Seymour Zises, President and co-founder of Family Management, writes bi-monthly opinions on issues and observations of relevance to clients and investors.

Good Buy America
March/April 2010

The U.S. stock market continues to advance as we move sluggishly toward an economic recovery. The fourth quarter GDP advanced slightly less than estimated, and the index finished 5% higher as of the writing of this letter. It seems like relative to most of the rest of the planet, America is handling its problems in a more orderly fashion; that is quite remarkable. (Notwithstanding, everyone here seems to be complaining!) Europe has its PIIGS (Portugal, Ireland, Italy, Greece and Spain) as the Euro has fallen from its peak in the summer of 2007.

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Die Now, Pay Later?
January/February 2010

What a bonanza!!! If you die this year, you can pass the blessings of your bounty on to your heirs tax free, maybe… If Congress decides to reinstate the estate tax retroactively, maybe you shouldn’t get yourself sick about the economy—oh well, just another day in D.C.! The Great De-leveraging continues—Americans are saving more and consuming less—the addiction to credit is waning steadily. What troubles us is that every legislator is focusing on the consumer and his spending.

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A Turkey
November/December 2009

If one believes The Bureau of Labor and Statistics, the unemployment rate climbed above 10% for the first time since 1982. Do you believe this number to be truthful? Do you trust our government to give us honest and correct information? Whether it be protecting our shores, our environment, our financial soundness, our soldiers (internally or abroad), our consumers at P.C Richards or J.P. Morgan, the question is this: Is our government still competent? As I speak with clients and friends, there is a growing frustration in the American psyche that our government is no longer able to perform its “job functions”.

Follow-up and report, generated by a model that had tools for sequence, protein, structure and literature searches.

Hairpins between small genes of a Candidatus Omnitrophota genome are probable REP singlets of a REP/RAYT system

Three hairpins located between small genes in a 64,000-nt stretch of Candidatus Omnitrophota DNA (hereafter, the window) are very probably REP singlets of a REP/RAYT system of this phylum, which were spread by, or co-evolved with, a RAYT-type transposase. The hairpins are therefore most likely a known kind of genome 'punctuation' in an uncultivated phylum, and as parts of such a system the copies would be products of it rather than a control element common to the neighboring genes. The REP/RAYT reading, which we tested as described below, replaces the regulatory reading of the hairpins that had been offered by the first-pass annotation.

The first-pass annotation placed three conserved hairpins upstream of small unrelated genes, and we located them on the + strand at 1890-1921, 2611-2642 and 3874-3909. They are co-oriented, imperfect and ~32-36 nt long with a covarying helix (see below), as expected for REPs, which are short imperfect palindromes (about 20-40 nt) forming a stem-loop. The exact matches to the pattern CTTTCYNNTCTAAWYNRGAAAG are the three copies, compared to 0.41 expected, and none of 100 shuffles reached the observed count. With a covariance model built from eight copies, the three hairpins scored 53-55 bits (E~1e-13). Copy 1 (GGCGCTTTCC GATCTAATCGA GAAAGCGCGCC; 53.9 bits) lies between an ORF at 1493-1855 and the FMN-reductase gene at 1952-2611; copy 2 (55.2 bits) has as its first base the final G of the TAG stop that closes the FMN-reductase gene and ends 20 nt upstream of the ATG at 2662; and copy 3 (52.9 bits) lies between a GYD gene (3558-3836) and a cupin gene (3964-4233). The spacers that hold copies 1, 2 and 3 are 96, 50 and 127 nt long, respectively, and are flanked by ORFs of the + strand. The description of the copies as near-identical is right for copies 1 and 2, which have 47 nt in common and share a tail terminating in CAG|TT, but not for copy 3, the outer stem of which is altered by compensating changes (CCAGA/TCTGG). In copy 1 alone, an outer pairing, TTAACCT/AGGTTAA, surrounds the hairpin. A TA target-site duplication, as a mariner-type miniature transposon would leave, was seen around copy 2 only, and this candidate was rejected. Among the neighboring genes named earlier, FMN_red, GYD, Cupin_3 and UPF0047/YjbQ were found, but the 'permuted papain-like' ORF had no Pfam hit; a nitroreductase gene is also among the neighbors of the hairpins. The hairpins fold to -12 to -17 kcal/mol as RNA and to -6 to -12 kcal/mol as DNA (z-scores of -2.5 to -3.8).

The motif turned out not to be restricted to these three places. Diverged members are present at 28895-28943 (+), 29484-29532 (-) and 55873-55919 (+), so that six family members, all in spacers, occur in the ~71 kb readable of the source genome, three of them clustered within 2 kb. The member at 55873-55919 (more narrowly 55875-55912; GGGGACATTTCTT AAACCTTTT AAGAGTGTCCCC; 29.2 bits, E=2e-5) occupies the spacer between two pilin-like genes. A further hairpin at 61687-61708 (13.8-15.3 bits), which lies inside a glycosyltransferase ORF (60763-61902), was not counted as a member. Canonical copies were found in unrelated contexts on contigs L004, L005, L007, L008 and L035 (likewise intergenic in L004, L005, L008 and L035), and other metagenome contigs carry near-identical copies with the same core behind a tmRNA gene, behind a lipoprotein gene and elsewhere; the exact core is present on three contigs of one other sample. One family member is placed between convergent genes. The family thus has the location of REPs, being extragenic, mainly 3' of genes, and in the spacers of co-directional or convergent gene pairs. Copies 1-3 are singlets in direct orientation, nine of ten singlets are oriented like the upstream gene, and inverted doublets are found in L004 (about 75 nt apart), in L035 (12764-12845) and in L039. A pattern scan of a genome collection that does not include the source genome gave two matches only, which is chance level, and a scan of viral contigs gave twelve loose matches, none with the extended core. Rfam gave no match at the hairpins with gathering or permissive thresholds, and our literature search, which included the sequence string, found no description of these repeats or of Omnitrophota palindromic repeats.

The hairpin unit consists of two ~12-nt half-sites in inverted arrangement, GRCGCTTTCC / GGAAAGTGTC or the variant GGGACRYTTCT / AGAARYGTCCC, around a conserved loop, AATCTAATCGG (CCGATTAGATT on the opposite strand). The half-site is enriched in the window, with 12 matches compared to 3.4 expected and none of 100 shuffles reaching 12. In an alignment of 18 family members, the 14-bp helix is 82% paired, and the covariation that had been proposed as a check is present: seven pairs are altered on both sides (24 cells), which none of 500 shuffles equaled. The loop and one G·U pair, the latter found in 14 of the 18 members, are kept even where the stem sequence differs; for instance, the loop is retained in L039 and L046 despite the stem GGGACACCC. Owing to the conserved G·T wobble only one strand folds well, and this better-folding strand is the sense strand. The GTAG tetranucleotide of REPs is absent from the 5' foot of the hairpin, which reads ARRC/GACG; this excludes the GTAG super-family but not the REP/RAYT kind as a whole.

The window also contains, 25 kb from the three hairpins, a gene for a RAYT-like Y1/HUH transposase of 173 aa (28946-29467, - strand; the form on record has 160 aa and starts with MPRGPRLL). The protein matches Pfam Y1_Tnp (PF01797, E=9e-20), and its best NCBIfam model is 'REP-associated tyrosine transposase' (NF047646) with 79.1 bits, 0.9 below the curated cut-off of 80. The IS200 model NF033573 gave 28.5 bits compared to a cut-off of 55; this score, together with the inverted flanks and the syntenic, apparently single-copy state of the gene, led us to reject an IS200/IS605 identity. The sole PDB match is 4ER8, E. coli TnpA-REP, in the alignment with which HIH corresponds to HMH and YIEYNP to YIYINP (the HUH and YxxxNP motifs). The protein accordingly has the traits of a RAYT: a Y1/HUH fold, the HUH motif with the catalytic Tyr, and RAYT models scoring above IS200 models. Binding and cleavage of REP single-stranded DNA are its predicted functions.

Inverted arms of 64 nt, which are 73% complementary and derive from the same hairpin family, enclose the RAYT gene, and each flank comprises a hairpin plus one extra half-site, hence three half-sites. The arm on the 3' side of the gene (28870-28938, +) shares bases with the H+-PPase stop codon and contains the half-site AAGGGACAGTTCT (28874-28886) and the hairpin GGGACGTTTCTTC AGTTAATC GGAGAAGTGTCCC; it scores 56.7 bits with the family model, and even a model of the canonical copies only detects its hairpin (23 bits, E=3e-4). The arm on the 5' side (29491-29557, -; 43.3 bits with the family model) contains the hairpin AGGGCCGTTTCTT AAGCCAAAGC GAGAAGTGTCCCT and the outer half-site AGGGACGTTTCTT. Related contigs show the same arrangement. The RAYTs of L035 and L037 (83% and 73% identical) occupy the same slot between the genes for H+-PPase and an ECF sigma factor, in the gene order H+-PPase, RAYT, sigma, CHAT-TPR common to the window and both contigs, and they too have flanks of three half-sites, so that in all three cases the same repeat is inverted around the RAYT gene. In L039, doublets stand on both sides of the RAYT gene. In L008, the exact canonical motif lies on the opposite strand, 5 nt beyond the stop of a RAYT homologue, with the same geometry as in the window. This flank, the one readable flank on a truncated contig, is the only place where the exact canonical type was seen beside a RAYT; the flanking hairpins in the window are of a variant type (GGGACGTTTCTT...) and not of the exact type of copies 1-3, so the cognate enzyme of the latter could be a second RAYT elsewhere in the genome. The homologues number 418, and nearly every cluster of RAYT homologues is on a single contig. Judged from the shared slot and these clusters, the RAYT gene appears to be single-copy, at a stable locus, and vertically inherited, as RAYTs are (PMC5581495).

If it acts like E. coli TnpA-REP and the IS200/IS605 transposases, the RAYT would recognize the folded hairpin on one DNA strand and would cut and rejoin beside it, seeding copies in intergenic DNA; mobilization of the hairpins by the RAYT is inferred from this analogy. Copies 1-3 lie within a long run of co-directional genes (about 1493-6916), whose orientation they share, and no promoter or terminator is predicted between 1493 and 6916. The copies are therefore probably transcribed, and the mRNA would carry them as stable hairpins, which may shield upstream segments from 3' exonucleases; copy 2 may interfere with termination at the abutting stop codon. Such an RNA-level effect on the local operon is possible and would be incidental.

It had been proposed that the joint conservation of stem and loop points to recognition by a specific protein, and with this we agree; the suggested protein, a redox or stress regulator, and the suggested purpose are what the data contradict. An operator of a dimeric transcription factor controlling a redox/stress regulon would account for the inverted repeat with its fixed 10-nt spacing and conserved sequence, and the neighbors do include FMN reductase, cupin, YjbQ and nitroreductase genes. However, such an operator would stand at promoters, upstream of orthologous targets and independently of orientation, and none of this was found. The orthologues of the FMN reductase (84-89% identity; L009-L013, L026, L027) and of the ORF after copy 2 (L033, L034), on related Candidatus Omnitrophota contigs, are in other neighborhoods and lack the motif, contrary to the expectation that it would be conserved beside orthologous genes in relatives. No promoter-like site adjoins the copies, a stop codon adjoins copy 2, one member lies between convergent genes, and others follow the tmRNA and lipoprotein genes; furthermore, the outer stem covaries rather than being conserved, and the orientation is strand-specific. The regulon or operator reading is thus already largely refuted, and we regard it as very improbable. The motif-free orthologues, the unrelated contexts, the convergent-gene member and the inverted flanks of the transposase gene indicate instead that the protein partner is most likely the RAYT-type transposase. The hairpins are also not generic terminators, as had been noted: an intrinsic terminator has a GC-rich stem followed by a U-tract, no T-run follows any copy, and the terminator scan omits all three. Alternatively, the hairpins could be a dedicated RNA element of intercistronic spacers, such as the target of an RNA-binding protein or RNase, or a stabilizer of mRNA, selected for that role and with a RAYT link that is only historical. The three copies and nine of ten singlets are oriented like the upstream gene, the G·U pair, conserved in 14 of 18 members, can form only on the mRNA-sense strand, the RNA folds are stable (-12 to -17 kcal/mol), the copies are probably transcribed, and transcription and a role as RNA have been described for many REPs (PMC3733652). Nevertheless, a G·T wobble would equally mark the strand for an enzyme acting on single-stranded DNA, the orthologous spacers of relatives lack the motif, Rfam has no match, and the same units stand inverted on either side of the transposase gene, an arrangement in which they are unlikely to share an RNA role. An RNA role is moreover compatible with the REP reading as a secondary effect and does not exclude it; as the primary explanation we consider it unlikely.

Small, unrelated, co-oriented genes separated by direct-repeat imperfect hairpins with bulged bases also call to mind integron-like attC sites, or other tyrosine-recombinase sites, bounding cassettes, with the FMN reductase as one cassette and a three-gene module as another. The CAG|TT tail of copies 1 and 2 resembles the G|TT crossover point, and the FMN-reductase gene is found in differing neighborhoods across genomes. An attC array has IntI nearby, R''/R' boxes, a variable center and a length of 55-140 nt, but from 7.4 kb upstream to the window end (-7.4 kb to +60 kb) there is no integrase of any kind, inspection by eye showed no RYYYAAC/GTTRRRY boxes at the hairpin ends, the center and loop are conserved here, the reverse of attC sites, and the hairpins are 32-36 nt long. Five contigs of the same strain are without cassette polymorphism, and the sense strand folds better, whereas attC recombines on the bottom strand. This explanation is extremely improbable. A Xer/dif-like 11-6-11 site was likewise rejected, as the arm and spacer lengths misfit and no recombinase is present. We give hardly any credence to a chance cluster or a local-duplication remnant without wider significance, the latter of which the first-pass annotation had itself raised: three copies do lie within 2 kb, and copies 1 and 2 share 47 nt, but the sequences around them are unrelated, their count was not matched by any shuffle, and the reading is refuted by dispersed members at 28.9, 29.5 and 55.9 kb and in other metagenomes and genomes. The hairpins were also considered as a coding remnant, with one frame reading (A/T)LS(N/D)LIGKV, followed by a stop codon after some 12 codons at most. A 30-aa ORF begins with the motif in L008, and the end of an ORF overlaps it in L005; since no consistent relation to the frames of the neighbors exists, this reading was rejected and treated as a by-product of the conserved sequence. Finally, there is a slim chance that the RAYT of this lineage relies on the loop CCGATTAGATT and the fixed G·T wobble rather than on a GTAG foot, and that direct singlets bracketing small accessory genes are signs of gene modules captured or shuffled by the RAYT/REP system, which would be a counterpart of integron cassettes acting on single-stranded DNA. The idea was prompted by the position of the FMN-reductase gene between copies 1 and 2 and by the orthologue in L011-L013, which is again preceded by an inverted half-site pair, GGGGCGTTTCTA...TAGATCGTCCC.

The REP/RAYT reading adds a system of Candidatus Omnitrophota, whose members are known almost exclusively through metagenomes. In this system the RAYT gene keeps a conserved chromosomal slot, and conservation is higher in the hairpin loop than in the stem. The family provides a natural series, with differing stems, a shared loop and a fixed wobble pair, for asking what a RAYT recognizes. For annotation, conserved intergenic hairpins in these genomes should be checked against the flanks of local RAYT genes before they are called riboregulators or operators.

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September/October 2009

It’s roughly one year since the financial meltdown started. I do not know if anyone could have predicted the series of events that has occurred since that time, but certainly there are some lessons to be drawn from the “Great Recession,” which, contrary to the press, is by no means over. Lesson 1: Don’t borrow too much money. Lesson 2: Don’t think that your risk tolerance is higher than it really is.

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A Really Good Show
July/August 2009

The Wall Street Journal reported that “the percentage of homes that are vacant fell 2.25% in the second quarter to about 18.7 million units, the lowest rate since mid-2006 and a sign that housing market conditions are gradually improving.” That is really good news – what is not good news is that the government is piling on debt like never before. Our thinking is although short-term interest rates are likely to stay low for some time, longer term interest rates will inch higher as investor expectation of increasing amounts of debt and inflation spooks the credit markets.

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